Nova Scotia·Video

Locking down North Preston so 'our little small community doesn't get wiped out'

In Canada's oldest and largest black community, people are taking action to help safeguard their hometown from the ravages of COVID-19.

People taking steps to guard loved ones in historic N.S. black community

Colter Simmonds, left, posted a sign to help keep COVID-19 out of his mother's home, while Robert Downey and his girlfriend want to do the same by distributing notices, right, around North Preston. (Craig Paisley/CBC/Robert Downey)

In and around North Preston, N.S., the province's oldest and largest black community, the signs are popping up: people are on guard against COVID-19.

There are notices on the homes of seniors, families with babies and people with health conditions. "During COVID19 shut down, PLEASE NO VISITORS," reads the poster, which prominently features a stop sign.

Robert Downey drove around his hometown over the last week with his girlfriend, Natteal Battiste, and distributed 250 of them to the people who needed them most. Downey didn't need a list of addresses because he knew exactly where to go — North Preston is that tightly knit.

"I got welcomed with so much love, and so many happy people were so appreciative," he said in an interview. The notices were created using a poster-making app, he said, "so we took it upon ourselves to put those signs in place for people who didn't have the tools to do that."

Robert Downey lives in Dartmouth, N.S., but is from North Preston, N.S. He's one of nine children. (CBC)

Nova Scotia Premier Stephen McNeil faced criticism this week for singling out North Preston as one the communities where he said some people were flouting COVID-19 rules, including holding parties.

But the actions of Downey and others are examples of how seriously coronavirus is being taken in the Prestons, neighbouring black communities on the outskirts of Halifax that include North Preston, East Preston, Cherry Brook and Lake Loon.

Political and health leaders from the community have formed a COVID-19 response team that's working with public health officials to tackle a frightening situation.

While officials are not releasing the number of infections in specific communities, the testing clinics set up this week at the North Preston Community Centre, along with Elmsdale, a mostly white community, indicate they are hotspots where the disease is "active."

Registration for the assessment clinic was full on Wednesday and Thursday, said Nzingha Millar, a member of the Preston response team. 

"That is testament to how much people are passionate about protecting themselves and others in their community, and are in fact not reckless, not careless," she said.

North Preston is celebrated because it's tightly knit, neighbours know each other, and multigenerational families live together. (Paul Adams for CBC)

The cluster of cases may be connected to some of the community's most treasured qualities. 

There are many large families, and it's not uncommon to have several generations — from babies to grandparents — living together under one roof. If there's a home in quarantine, separate bedrooms or bathrooms for the sick may be impossible.

The community response team has said emergency housing is needed for multi-generational families who are required to self-isolate, along with expedited financial support. McNeil said he's asked the community to put together a request of what's required.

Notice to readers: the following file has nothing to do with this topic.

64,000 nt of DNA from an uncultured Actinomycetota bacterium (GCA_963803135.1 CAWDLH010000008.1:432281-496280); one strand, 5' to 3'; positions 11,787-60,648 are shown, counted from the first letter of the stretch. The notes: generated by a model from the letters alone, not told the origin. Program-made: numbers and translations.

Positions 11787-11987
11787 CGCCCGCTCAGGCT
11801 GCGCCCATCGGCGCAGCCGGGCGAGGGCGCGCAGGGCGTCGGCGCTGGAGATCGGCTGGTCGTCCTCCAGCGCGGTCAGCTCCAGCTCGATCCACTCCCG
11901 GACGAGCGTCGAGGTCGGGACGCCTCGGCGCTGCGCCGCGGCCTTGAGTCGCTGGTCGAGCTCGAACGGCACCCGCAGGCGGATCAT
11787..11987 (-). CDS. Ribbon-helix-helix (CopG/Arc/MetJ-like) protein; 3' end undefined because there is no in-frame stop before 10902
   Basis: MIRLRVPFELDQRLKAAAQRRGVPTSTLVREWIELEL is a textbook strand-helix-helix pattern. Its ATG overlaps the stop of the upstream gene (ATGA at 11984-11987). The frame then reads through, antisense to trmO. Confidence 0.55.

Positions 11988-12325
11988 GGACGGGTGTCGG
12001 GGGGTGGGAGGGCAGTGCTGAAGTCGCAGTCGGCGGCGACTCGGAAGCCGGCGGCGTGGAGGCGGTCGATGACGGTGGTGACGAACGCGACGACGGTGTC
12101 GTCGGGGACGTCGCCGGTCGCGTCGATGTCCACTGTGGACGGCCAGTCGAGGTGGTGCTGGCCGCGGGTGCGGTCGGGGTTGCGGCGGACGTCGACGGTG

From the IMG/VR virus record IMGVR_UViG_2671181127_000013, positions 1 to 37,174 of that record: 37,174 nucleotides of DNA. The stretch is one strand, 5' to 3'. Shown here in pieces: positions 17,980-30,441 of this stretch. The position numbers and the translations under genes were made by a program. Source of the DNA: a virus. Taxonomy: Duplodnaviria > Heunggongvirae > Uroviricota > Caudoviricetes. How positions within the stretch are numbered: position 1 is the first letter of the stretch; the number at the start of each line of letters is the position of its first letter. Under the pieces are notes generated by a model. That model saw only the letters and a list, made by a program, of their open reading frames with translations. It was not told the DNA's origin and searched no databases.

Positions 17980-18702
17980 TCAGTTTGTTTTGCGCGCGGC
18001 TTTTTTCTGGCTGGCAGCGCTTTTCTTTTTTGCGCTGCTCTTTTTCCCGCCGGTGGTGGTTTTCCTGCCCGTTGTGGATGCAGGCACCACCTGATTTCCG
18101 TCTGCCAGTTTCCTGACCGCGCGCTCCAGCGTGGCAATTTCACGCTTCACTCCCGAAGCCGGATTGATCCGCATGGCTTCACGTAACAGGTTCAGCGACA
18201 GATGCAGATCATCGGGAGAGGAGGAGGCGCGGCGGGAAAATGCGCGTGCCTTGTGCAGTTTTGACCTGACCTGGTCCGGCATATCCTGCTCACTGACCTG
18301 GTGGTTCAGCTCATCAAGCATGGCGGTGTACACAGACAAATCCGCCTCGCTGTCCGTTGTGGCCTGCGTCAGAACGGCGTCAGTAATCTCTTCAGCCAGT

Premier Stephen McNeil said he didn't intend to name and shame the Prestons, mostly black communities, when he talked about it as a COVID-19 hot spot on Tuesday. But many in these communities took offense when McNeil accused people of not listening to public health warnings. 3:42

Support for the community can't come soon enough for Colter Simmonds, whose hometown is North Preston. At his mother's home in Lake Loon, he's taped a handwritten sign on her door alerting people the home is locked down. It's his way of protecting his mom, a senior who was recently released from the hospital. 

He said he knows a few people who are infected, and has been dropping off groceries to show them support while maintaining physical distancing. He's urging everyone to modify their Easter tradition by avoiding family gatherings, and to be kind to people who are in self-isolation.

"We're going to work together to get through the situation so that our little small community doesn't get wiped out," said Simmonds. "That can happen because we are so close in proximity, but also in family and relationships."

Verena Rizg is a nurse practitioner in Halifax. (Laura Roy)

The spectre of COVID-19 in North Preston is shedding light on marginalized communities that are more vulnerable to the virus because of health and social factors, said Verena Rizg, a nurse practitioner in Halifax.

She said black communities in the Halifax area are at an "increased risk for not surviving this" because of medical conditions tied to social factors.

While people without underlying medical problems are also dying of COVID-19, people with comorbidities are dying in greater numbers, she said.

She said higher rates of high blood pressure and diabetes within black communities are directly connected to social factors such as not having a grocery store and limited public transit — which is the case in North Preston. That makes it harder for residents to get healthy food.

"It's important to just acknowledge that communities that are pushed to the margins of society are at even greater risk right now to have higher death rates," said Rizg, who is black. "The black Nova Scotian community is at risk for that."

About the Author

Elizabeth Chiu is a reporter in Nova Scotia and hosts Atlantic Tonight on Saturdays at 7 p.m., 7:30 p.m. in Newfoundland. If you have a story idea for her, contact her at elizabeth.chiu@cbc.ca.

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